How the coronavirus pandemic is affecting food security in Canada

As the novel coronavirus continues to spread across Canada, officials are struggling to provide aid to those who have been impacted by the pandemic.

And experts say organizations tasked with combating food insecurity are already feeling the strain as more and more people seek assistance. 

How is the COVID-19 affecting those experiencing food insecurity? Are more people going to become food insecure?

Story continues below advertisement

Here’s a look at what’s going on.

How many people are food insecure in Canada?

A study released earlier this month from PROOF, an interdisciplinary research program investigating household food insecurity in Canada, found that one in eight households across the country is food insecure.

“This represents 4.4 million people, the largest number recorded since Canada began monitoring food insecurity,” the report said.

The report added this number — reflective of 103,500 households from Statistics Canada’s 2017-18 Canadian Community Health Survey — is an underestimate, as it did not include people living on First Nations reserves, some remote northern areas, or the homeless.

Here’s how the COVID-19 curve could look with social distancing, testing

The report also found that 17 per cent of children under the age of 18 — more than one in six — live in a family experiencing food insecurity.

Gisèle Yasmeen, executive director at Food Secure Canada, said even before the coronavirus outbreak, food insecurity in Canada was already “trending in the wrong direction.”

Story continues below advertisement

“The urgency, or the concern, is that a situation that was already concerning in a wealthy country like Canada is getting worse as a result of this crisis,” she said.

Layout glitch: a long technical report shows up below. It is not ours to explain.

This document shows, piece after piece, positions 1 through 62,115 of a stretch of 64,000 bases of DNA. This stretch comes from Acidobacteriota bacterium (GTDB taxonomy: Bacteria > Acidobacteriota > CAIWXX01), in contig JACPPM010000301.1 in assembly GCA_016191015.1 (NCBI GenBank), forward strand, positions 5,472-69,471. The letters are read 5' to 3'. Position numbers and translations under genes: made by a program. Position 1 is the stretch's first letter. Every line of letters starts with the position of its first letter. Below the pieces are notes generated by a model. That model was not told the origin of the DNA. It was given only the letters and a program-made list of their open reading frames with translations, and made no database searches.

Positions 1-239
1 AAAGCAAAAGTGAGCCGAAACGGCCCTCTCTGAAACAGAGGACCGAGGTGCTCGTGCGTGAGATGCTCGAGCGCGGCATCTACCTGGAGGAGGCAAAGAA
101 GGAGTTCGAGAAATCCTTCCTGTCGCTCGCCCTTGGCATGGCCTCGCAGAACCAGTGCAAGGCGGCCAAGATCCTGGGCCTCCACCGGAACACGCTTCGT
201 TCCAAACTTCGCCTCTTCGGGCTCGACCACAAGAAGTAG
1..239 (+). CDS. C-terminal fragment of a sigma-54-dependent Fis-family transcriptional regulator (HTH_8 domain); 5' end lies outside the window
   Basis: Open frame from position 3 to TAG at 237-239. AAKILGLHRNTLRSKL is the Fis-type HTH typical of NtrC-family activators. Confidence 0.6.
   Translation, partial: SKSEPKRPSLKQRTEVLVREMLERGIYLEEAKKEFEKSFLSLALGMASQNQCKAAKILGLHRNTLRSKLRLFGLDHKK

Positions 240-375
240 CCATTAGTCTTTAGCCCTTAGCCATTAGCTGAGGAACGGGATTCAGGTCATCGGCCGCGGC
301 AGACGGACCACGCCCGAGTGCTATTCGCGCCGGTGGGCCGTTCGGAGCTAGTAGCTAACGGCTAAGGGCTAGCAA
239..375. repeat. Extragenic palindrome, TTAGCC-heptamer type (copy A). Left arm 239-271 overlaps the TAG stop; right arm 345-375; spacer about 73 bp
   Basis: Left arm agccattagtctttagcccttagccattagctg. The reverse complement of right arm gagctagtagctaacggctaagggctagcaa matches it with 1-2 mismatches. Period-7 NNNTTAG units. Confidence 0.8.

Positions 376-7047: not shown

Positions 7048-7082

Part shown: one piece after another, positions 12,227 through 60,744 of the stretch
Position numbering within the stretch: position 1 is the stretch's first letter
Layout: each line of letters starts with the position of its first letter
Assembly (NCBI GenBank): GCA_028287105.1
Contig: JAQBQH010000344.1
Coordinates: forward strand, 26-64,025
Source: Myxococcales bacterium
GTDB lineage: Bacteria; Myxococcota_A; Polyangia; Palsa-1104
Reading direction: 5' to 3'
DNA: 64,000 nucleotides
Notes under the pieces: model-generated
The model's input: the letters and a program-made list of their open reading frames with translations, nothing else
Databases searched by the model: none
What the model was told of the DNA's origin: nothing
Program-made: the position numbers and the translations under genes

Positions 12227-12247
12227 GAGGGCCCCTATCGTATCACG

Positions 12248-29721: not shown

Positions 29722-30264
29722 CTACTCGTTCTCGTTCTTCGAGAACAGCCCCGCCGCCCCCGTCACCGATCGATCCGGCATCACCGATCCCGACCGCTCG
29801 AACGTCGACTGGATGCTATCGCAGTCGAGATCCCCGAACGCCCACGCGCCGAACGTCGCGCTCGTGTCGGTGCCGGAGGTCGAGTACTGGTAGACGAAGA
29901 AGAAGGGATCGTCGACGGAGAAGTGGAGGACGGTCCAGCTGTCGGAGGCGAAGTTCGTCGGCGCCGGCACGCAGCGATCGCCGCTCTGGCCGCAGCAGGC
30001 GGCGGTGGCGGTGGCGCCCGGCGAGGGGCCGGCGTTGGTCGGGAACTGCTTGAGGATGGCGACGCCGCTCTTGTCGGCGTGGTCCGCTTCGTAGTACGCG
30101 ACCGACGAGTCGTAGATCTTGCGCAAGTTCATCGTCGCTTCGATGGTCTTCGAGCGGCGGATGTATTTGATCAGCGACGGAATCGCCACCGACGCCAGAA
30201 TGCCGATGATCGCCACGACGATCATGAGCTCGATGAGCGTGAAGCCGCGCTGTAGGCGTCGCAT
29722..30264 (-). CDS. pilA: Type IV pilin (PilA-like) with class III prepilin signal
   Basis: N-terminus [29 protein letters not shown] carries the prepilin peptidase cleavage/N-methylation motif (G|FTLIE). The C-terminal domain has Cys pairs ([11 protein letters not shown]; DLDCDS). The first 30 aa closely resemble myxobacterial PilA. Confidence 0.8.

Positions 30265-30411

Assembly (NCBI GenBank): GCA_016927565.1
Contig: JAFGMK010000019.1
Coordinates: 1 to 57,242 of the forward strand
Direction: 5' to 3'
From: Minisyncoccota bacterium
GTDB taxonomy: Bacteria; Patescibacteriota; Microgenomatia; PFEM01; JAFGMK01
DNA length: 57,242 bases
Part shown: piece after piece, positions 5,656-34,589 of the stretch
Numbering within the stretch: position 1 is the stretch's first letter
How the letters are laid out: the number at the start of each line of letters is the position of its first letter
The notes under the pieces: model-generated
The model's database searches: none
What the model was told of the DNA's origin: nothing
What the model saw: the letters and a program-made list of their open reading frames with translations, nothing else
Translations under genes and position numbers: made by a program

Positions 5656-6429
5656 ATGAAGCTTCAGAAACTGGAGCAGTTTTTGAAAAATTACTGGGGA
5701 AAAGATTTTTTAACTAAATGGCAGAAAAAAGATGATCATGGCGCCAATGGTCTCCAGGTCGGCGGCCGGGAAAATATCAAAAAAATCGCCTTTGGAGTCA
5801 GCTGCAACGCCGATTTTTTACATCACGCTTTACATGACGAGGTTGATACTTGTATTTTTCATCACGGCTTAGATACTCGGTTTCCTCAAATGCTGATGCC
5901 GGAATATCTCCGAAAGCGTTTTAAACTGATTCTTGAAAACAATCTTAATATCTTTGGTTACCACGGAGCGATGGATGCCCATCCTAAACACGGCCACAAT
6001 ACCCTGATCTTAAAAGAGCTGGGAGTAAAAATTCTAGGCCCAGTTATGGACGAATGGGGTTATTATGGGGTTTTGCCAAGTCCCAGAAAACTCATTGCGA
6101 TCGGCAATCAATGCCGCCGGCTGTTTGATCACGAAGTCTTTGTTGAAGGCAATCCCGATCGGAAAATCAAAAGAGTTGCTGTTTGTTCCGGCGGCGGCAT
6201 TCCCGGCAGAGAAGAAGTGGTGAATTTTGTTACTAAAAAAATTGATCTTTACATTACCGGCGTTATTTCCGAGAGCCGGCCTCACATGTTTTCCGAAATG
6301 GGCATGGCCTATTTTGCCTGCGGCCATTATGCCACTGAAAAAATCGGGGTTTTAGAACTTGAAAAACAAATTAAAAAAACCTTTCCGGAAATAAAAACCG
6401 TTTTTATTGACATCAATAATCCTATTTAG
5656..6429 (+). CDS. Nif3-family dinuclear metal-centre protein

[ Sign up for our Health IQ newsletter for the latest coronavirus updates ]

How will COVID-19 affect food insecurity in Canada?

Nick Saul, CEO of Community Food Centres Canada, said many who were already food insecure are considered “very precariously employed.”

“Not enough hours, not enough benefits, only one salary carrying a whole family, and that salary just doesn’t pay enough,” he explained. “So when you have something like COVID, hit in the midst of that stress and uncertainty and anxiety, those ranks are only going to grow.”

While COVID-19 continues to spread in Canada, provincial governments have ordered non-essential businesses to close, forcing mass lay-offs.

As a result, since mid-March more than one million Canadians have applied for unemployment insurance.

Alberta’s food supply chain remains strong, officials say no need to panic buy

Alberta’s food supply chain remains strong, officials say no need to panic buy

Saul said this means more people will be accessing assistance at more than 200 locations across the country. 

“All of those people are going to be very worried about their food. So more and more people coming to the community, food centres, the good food organizations that we run across this country,” he said. “So it’s going to be busy and the stress will be high.”

Story continues below advertisement

Saul added centres are already seeing an increase in demand.

“I can absolutely tell you that more and more people are showing up at the doors of those centres,” he said. “And that’s a significant concern.”

This week ‘critical’ for Canada’s fight against coronavirus, officials say. Here’s why

But, Saul said these organizations don’t have the capacity to deal with the surge, saying that even before the COVID-19 outbreak, the charitable sector was “not coming close” to addressing the need.

“Many of us who are on the frontlines of this were saying we need to increase minimum wages, we need to build more affordable housing,” he said. 

“So now there is a new wave of people who are joining those ranks and the numbers are just going to continue to grow.”